WASHINGTON, D.C. — Today, U.S. Sen. John Barrasso (R-WY), chairman of the Senate Committee on Indian Affairs, and Sen. John Thune (R-SD) introduced S. 2953, the Indian Health Service Accountability Act of 2016.
Persistent failures by the Indian Health Service (IHS) to provide tribal citizens access to safe, quality health care have led to multiple innocent patient deaths and the suffering of patients, families, and whole communities. The act would address this by increasing transparency and accountability at the IHS to improve patient safety and care.
“A patient-centered culture change at the Indian Health Service is long-overdue,” said Chairman Barrasso. “This bill is an important first step toward ensuring that tribal members receive proper healthcare and that there is transparency and accountability from Washington. We have heard appalling testimonies of the failures at IHS that are unacceptable and will not be tolerated. We must reform IHS to guarantee that all of Indian Country is receiving high quality medical care. ”
“After years of inaction at IHS, there are still more questions than answers for the tribal members who depend on the agency for their health care needs,” said Thune. “IHS has failed – both in its treaty obligation and moral duty – to provide the quality care that Native Americans across the Great Plains area, including South Dakota, deserve. Sen. Barrasso and I have spent months working together on a comprehensive approach to address the IHS crisis, and I’m grateful for his commitment to tackling this important issue. My message to our tribal citizens is clear: IHS leaders must be held accountable, and this legislation would put us in a much better position to do so. I look forward to continuing to work with Sen. Barrasso and the delegations from our region to improve IHS.”
The act will improve transparency and accountability at the IHS by:
· Expanding removal and discipline authorities for problem employees at the agency;
· Providing the secretary of the U.S. Department of Health and Human Services (HHS) with direct hiring and other authorities to avoid long delays in the traditional hiring process;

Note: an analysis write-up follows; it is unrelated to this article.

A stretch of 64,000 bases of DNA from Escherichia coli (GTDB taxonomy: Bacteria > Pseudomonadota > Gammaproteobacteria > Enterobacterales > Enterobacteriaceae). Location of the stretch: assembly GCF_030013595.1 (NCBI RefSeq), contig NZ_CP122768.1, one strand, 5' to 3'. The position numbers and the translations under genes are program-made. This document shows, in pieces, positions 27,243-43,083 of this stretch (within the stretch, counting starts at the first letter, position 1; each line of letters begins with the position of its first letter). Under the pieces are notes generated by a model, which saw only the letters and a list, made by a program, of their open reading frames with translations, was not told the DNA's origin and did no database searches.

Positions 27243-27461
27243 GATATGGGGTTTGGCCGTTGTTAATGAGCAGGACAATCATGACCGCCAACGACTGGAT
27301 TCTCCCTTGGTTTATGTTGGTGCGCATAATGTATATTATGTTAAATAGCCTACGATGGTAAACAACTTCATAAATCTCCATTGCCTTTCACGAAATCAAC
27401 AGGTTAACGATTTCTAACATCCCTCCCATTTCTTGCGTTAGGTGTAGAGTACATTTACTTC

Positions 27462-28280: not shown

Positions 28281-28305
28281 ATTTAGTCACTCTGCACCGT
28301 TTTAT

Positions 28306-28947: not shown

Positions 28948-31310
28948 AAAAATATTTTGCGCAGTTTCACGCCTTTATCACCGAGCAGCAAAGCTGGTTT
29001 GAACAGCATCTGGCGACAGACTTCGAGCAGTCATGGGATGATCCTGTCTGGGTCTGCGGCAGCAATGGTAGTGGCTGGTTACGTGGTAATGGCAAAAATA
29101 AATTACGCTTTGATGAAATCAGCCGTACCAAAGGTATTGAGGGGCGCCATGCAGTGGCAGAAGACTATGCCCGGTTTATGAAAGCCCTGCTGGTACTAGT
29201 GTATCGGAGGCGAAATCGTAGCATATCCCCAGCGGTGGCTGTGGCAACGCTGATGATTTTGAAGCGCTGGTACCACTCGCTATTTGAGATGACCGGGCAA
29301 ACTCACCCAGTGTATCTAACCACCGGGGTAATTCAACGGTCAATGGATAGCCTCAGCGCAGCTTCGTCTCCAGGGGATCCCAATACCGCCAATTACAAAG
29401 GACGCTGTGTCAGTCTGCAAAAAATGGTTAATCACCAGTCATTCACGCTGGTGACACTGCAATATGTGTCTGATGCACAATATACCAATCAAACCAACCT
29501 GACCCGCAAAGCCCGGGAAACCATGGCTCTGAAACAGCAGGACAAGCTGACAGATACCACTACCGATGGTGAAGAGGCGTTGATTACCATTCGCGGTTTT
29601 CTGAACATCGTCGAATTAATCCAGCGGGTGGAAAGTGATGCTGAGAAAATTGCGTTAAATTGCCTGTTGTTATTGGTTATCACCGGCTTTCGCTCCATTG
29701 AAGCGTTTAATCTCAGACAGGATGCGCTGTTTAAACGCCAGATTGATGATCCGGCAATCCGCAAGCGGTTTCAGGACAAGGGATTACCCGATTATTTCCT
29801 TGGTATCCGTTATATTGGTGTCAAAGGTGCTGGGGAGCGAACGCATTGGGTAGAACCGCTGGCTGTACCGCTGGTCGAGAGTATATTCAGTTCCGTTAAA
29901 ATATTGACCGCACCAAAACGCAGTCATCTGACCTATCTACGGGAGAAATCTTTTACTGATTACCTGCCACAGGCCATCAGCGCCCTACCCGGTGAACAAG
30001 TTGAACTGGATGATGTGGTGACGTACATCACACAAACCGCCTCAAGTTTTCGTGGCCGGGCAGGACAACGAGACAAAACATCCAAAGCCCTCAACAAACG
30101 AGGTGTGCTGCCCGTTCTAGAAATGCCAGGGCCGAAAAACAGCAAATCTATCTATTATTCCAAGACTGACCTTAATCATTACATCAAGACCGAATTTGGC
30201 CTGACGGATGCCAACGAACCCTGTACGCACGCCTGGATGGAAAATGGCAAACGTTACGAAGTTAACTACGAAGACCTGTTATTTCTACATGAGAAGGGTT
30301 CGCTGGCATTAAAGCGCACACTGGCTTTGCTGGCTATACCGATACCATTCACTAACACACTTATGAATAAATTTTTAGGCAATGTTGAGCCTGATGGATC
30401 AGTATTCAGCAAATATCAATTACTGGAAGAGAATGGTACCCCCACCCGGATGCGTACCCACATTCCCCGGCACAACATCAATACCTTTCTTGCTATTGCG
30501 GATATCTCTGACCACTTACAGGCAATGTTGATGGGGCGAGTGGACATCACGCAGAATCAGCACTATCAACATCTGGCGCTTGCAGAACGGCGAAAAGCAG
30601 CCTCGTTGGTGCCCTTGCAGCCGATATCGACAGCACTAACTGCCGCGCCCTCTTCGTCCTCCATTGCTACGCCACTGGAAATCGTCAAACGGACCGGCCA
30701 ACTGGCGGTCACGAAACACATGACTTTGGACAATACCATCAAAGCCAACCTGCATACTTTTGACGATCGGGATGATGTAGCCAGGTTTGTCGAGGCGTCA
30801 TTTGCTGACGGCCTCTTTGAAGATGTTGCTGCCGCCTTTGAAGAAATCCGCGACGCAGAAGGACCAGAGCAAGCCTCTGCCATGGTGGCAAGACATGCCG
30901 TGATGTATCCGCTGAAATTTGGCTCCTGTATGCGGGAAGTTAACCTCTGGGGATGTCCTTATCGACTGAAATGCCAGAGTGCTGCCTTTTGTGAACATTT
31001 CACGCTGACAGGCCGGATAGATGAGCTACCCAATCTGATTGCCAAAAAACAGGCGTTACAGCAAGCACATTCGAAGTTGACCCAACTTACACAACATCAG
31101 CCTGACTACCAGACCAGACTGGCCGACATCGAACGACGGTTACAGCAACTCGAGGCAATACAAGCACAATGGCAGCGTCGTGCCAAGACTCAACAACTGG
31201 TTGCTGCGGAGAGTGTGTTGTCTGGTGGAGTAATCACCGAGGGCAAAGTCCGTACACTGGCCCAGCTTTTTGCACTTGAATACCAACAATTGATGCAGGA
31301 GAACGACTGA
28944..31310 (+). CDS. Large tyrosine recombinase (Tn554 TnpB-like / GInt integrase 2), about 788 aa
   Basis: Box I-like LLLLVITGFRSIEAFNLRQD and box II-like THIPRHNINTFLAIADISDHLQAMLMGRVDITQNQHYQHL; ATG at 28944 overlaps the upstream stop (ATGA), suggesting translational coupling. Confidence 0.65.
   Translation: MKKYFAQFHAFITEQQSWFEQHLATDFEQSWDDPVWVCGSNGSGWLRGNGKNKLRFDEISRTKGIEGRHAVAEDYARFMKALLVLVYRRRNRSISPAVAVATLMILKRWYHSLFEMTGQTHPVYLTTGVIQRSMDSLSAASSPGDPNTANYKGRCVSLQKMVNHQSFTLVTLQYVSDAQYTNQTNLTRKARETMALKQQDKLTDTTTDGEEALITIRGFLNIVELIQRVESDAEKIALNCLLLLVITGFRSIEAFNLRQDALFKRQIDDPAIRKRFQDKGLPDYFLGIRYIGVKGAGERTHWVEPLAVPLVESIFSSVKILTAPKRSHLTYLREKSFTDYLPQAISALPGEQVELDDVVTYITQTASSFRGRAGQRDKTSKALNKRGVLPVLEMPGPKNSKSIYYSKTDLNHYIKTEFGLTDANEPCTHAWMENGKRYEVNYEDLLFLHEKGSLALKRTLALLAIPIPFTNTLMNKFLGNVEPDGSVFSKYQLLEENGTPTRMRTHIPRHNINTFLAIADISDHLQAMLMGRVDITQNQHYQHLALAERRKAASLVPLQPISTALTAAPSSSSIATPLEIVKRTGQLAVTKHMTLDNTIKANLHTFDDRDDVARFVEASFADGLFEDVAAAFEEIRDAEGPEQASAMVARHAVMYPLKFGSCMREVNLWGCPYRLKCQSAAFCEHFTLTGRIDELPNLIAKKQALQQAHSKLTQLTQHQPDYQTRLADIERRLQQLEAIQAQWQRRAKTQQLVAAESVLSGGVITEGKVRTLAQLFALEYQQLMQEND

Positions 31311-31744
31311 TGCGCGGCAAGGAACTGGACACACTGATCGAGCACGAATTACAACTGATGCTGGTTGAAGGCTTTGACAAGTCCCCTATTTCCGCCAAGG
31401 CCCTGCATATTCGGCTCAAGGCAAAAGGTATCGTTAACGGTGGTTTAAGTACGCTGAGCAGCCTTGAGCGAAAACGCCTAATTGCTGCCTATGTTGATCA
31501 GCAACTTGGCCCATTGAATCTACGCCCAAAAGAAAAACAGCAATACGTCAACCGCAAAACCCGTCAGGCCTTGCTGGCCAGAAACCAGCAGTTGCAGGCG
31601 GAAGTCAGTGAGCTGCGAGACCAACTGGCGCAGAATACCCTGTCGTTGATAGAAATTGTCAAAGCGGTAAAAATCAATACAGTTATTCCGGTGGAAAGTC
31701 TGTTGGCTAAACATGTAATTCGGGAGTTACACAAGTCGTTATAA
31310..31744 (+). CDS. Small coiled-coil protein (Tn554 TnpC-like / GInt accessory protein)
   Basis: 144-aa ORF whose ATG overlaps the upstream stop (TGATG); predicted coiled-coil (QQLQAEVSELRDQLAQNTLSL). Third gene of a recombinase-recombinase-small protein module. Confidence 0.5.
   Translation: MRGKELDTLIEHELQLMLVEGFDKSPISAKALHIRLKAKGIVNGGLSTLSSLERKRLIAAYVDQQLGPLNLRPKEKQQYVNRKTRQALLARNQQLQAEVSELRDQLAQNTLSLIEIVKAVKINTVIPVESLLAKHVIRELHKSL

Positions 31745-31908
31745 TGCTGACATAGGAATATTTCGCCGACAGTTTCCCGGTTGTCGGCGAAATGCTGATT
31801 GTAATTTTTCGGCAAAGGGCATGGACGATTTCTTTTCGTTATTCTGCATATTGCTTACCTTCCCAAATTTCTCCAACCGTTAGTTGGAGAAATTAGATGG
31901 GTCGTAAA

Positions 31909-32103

· Requiring tribal consultation prior to hiring area directors, hospital CEOs and other key leadership positions;
· Commissioning Government Accountability Office reports on staffing and professional housing needs;
· Improving protections for employees who report violations of patient safety requirements;
· Mandating that the secretary of HHS provide timely IHS spending reports to Congress; and
· Ensuring the Inspector General of HHS investigates all patient deaths in which the IHS is alleged to be involved by act or omission.
The act also addresses staff recruitment and retention shortfalls at IHS by:
· Addressing gaps in IHS personnel by giving the secretary of HHS flexibility to create competitive pay scales and provide temporary housing assistance for medical professionals;
· Improving patient-provider relationships and continuity of care by providing incentives to employees; and
· Giving the secretary of HHS the ability to reward employees for good performance and finding innovative ways to improve patient care, promote patient safety, and eliminate fraud, waste, and abuse.
On February 3, 2016, the Senate Committee on Indian Affairs held an oversight hearing on “Reexamining the Substandard Quality of Indian Health Care in the Great Plains.”
On February 3, 2016, the Senate Committee on Indian Affairs held a listening session on “Putting Patients First: Addressing Indian Country’s Critical Concerns Regarding IHS.”
The Indian Health Service Accountability Act of 2016 is based primarily on feedback and information received by the Committee during the hearing and listening session. The Committee continues to gather information from Indian Country for ideas on how to improve the legislation.